Whispers From the Past: A Ghost Walk in Gettysburg
Welcome to the Tour
This is my second article about the town of Gettysburg, which is now starting to come down off of its tourism-high that usually starts in June of every year. This is when the attractions of Gettysburg are most popular, because throughout these summer months—and especially in July—the fighting on its battlefields was some of the worst of the war.
It is one thing to wander about Gettysburg on your own, and quite another to join a walking ghost tour that takes you to the most haunted attractions in town. I chose to participate in the latter of these activities and I walked away with a wealth of stories to share.
The ghost walk that I participated in took place on a recent summer evening. Our group consisted of about seven people, including a few children, and all of us were equipped with EVP meters. For you non-ghost hunting readers, an EVP meter is said to measure supernatural energy levels. The acronym stands for Electronic Voice Phenomena, and these devices are reputed to react in the presence of ghostly energy.
Our tour guide was a young man dressed in period wear. He was a college student and it was very obvious that he was well-educated in his craft. But what was really convincing was the fact that he actually believed what he was saying. This might have been a trade secret, and my skeptic mind wasn't fooled by his enthusiastic words.
Beneath the Streets
There was one story from that evening that has still remained with me several days later. It was tragic and entirely believable. Our tour guide knew the facts of this tale well and I found myself to be legitimately spooked after bearing witness to it.
As we were walking along the cobblestone back alleys of Gettysburg, one of the children in our group moved to the side of the street where he was poised to walk over a storm drain. Our dashing young guide saw this action, and shouted, "Back over here! We don't walk near the storm drains!"
This scared some of the life out of this child, but the guide proceeded to stop our group and explain the sudden elevation in his otherwise soft-spoken voice. The synopsis that follows is what I can recall about the tale he told.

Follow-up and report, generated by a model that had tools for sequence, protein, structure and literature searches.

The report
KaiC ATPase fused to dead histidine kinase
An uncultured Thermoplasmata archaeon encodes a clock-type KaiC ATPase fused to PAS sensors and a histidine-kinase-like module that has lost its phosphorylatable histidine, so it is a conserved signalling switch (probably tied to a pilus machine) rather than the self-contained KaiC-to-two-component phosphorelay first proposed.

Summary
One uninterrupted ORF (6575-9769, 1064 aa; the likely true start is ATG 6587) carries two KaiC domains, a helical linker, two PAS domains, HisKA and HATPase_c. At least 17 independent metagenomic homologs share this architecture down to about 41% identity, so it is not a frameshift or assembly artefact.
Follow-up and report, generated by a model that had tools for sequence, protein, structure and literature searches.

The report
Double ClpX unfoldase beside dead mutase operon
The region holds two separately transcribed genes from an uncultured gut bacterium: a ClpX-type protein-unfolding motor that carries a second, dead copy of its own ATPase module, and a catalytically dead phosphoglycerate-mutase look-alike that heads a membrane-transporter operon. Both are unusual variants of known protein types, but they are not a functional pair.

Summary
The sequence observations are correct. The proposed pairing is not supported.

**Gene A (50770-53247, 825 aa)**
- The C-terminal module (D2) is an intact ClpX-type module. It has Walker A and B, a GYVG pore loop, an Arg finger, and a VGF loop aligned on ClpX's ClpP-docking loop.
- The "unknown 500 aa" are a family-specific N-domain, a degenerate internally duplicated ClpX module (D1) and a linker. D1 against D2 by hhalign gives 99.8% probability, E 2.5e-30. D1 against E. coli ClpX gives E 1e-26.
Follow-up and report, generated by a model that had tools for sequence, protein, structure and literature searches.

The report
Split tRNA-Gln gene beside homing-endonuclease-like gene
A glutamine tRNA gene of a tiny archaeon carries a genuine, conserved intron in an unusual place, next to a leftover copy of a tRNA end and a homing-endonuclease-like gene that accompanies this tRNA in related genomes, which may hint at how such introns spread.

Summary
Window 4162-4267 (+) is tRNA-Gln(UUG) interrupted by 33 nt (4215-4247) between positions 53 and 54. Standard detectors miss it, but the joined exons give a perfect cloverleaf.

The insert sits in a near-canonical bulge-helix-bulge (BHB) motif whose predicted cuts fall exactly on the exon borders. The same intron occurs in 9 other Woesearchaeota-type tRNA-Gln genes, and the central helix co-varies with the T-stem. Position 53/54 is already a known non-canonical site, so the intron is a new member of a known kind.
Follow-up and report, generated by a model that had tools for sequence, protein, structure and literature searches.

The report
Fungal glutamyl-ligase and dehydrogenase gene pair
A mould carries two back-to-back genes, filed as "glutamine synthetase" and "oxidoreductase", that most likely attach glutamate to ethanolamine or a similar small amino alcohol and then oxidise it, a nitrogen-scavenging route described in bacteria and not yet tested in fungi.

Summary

Sometime during the summer of 1863, in the dog days of a hot and dry season, Union soldiers were encamped in the lower fields awaiting the arrival of the Confederates. At this point, there were already several units of Confederate soldiers inside of the town, but the majority of their numbers still remained in formation as they pushed forward to the Union's trenches.
Several days before news of the Confederates' progress arrived, the Union soldiers there began to dig trenches in the valleys of the fields. This would enable them to maintain a more advantageous position as the Confederates rolled over the bottom of the fields. The trenches were several feet deep- deep enough to hide everything except for the first few inches of a standing man- and their walls consisted of the solid, packed clay that Pennsylvania is almost famous for.
As they waited, the days grew hotter and supplies became scarcer. The Union was unable to run food and medical supplies to their position due to the danger of interception by Confederate troops. Day by day, the men grew hungrier and their wounds from previous skirmishes began to fester. By the end of June, they were defenseless and unable to fight.
Then, at the height of the day, the rains came. And they continued to come, in a deluge of much-needed hydration and relief.
At first, the encamped soldiers welcomed the rain. But eventually, and to their horror, they began to realize that the rain spelled their doom.
Clay does not absorb water like other types of earth does. Instead, water slides off of the clay and collects elsewhere. It becomes slippery and eventually collapses onto itself. And during this deluge, the rainwater collected in the bottom of the trenches, collapsing the walls of the trenches from the bottom up. At the top of the tunnels, the clay earth slid down, trapping the men's boots as they attempted to climb up the sides.
The water easily slid off of the dry and dusty earth, flooding the tunnels with the men still inside. A flash flood barreled through, pinning the men down inside until they drowned. There were not very many soldiers who were able to survive the water.
And, according to our tour guide, the souls of the men who perished live beneath the streets, in the water that pools from the storm drains. And, on several occasions, people walking these streets in Gettysburg have been grabbed by hands that come from inside of the storm drains, hands belonging to the dead soldiers who still haunt the waters beneath the town.
The Most Haunted House in Gettysburg
Another stop on our tour, the Jennie Wade House is widely considered to be the most haunted location in all of Gettysburg. It was here, in 1863, that the only non-military civilian was killed in her sister's home by a lone Confederate sniper.
Jennie Wade was 20-years old and engaged to be married to a Union soldier when the Confederates began to move into the town. She was in the kitchen, kneading dough for bread that would then be baked and given to the Union soldiers encamped in town. And as she stood kneading, a bullet from a Confederate sniper entered through a door and hit Jennie in the back, killing her instantly.